In the second of a three part series, Stephen Martin continues his top tips in endodontics, looking at the importance of the proper scouting of canals, irrigation and the glide path.
Following on from the preparation of an access cavity that allows good straight line access to all of the canals, the next stage is to clean and shape the canals.
It is important to scout the canal initially with a pre-curved #10K file to check canal patency and to ‘get a feel for the canal’. This physical feedback then allows the clinician to assess how to proceed with canal preparation. I always curve the tip of the file to ease the passage down the canal. Canals are almost always curved to some degree, and curved files will find their way more easily down curved canals. The endodontic glide path is a smooth tunnel from canal orifice to canal terminus, which allows the preparation instruments to follow the natural path of the canal. If the #10 file glides easily straight to length, very little work needs to be done to secure a glide path.
However, if the canal is narrow or curved then time spent in securing the glide path at this stage will facilitate introduction of canal shaping instruments and allow them to proceed safely and fairly effortlessly to the apex. Traditionally glide paths are prepared with stainless steel hand instruments moving from a #10 to #15 to a #20K file before starting to use the shaping files in a rotary system, such as Protaper Universal. However, there are now rotary instruments available to make glide path preparation easier and more predictable, reducing potential complications such as canal transportation, apical zips and ledges. The Proglider is a Niti file made of M-wire, which is super-elastic, and allows preparation of the glide path with one instrument.
It is very important not to try and force files to length at an early stage in preparation for more difficult canals. Always carry out the coronal preparation first and don’t be in a hurry to get to the apex, as forcing files is when procedural accidents occur. Widening coronally first and irrigating frequently will allow better access to the mid and apical third of the canal, and reduce stress on the instruments. Also, it is vital to wait until the coronal preparation has been completed before measuring the working length. Traditionally this has been measured with radiographs, but I recommend using an electronic apex locator as this offers a consistently more accurate result. Once the working lengths of the canals have been confirmed, they are scouted again with the #10K file to the CWL (canal working length), and the glide path secured to length. At this stage the shaping of the canals can then be easily completed accurately to length with minimum deviation from the natural canal anatomy.
Using the above sequence of access, scouting of canals, glide path, and preparation coronally, working length determination, and then glide path and preparation to length, will work consistently with any canal preparation system. The system I have had great success with in more challenging canals is the Protaper Next system.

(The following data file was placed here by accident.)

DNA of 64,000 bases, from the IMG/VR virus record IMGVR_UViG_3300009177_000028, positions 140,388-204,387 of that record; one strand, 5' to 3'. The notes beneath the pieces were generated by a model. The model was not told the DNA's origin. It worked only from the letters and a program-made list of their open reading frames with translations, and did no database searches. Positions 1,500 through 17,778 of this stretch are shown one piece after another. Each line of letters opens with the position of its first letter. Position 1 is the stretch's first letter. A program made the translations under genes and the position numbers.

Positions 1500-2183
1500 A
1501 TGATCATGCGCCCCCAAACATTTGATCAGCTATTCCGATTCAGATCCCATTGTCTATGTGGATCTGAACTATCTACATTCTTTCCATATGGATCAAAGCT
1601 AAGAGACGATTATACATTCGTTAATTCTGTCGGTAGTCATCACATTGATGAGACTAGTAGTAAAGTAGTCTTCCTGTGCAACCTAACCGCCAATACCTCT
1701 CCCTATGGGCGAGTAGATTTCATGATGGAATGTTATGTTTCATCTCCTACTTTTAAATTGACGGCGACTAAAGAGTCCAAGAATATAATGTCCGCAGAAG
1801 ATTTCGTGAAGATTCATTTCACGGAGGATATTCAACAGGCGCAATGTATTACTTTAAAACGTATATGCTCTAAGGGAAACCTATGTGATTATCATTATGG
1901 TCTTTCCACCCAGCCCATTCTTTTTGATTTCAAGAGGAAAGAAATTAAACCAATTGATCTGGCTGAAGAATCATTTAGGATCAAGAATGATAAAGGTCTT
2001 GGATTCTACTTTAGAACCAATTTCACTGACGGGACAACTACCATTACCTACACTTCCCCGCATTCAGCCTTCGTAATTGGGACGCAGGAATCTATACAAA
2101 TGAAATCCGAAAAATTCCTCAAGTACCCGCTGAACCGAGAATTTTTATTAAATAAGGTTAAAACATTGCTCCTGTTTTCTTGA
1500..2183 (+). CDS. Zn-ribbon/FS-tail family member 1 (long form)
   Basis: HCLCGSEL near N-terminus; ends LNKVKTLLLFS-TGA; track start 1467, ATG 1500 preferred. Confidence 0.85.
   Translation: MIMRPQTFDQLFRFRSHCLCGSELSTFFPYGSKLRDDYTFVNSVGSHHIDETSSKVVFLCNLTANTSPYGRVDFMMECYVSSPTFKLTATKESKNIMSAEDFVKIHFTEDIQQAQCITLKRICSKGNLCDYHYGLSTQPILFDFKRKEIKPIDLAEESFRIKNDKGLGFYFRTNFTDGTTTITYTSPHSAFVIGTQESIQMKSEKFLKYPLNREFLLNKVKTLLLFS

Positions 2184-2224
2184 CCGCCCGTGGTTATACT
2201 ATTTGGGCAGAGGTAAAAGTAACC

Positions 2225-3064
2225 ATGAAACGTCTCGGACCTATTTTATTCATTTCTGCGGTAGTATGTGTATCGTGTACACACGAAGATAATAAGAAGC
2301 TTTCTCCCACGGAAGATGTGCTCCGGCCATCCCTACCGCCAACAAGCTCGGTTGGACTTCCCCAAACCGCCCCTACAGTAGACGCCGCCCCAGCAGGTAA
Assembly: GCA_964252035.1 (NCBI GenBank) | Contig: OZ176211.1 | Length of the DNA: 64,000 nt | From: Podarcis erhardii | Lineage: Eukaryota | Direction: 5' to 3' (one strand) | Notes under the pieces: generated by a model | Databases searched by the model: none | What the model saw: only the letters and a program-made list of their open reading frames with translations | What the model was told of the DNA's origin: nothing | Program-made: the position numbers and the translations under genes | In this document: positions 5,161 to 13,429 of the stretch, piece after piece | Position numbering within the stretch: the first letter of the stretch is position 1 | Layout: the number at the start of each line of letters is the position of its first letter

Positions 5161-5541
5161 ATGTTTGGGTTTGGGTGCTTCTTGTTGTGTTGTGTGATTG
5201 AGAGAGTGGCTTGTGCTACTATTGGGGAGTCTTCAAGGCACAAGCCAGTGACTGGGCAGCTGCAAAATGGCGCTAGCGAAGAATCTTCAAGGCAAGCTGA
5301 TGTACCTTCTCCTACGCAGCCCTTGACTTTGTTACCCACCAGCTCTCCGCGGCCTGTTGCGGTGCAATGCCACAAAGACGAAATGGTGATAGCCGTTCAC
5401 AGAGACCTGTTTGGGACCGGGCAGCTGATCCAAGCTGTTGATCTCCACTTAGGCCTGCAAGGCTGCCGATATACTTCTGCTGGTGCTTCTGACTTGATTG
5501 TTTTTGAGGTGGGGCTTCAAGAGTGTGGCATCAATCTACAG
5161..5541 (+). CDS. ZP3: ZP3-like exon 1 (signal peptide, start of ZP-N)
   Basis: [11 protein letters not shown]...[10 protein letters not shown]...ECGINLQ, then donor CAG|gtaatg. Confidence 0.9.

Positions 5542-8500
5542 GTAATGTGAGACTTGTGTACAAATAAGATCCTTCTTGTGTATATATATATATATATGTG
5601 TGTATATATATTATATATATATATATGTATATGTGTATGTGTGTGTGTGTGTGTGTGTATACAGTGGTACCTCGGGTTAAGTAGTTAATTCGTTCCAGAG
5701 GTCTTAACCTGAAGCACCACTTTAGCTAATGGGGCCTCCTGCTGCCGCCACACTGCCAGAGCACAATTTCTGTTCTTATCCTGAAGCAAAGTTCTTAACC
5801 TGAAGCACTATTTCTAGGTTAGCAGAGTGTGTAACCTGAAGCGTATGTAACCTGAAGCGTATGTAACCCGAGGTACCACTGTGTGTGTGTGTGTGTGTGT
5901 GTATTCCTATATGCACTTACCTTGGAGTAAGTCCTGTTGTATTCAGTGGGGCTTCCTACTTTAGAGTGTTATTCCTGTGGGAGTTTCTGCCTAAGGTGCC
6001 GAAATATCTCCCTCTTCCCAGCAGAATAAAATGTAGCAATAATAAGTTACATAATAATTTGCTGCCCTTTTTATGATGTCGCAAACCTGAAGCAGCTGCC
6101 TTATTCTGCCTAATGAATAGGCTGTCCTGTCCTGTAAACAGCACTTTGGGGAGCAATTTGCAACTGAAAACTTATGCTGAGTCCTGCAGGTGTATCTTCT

The first file in the Protaper Next system, X1, has a 0.17mm tip size and a 4% taper, offering excellent flexibility and enhancing shaping of the canal very early in the process, as all the shaping is carried out with this instrument. Following this with the X2 finishing file (0.25mm tip and 6% taper), can allow completion of mechanical cleaning and shaping with just two instruments, even in difficult canals. The system has a further three finishing file sizes if required for larger canal diameters.
It must be remembered that canal shaping is not an end in itself. The shaping of the canal is carried out to allow delivery of the chemical cleaning agent to remove necrotic debris and kill bacteria. It is essential to constantly irrigate the canal from the start and throughout preparation using sodium hypochlorite in a side vented, 27 or 30 gauge endodontic syringe. This is especially important to remember when using file systems that shorten preparation time. Unless you constantly and copiously irrigate, you can prepare a beautifully tapered canal but without removing the bacteria and necrotic debris the treatment has a much lower chance of success.
Read my third top tips on ‘obturation and restoration’ in Dentistry’s December issue.
Points to remember
- Although the introduction of Niti rotary instrumentation has made endodontics easier and faster, even when using a single file system, it is important to scout the canals first with hand files
- Secure the glide path in more difficult canals – it makes the whole process easier and safer
- Prepare the coronal part of the tooth first. Don’t try and rush straight to the apex
- When preparing canals it is vital to irrigate and recapitulate with a hand file regularly to prevent blockage of the canal with dentine chips
- Never stop irrigating during preparation – even if you think you’ve irrigated enough, just do it a bit more.
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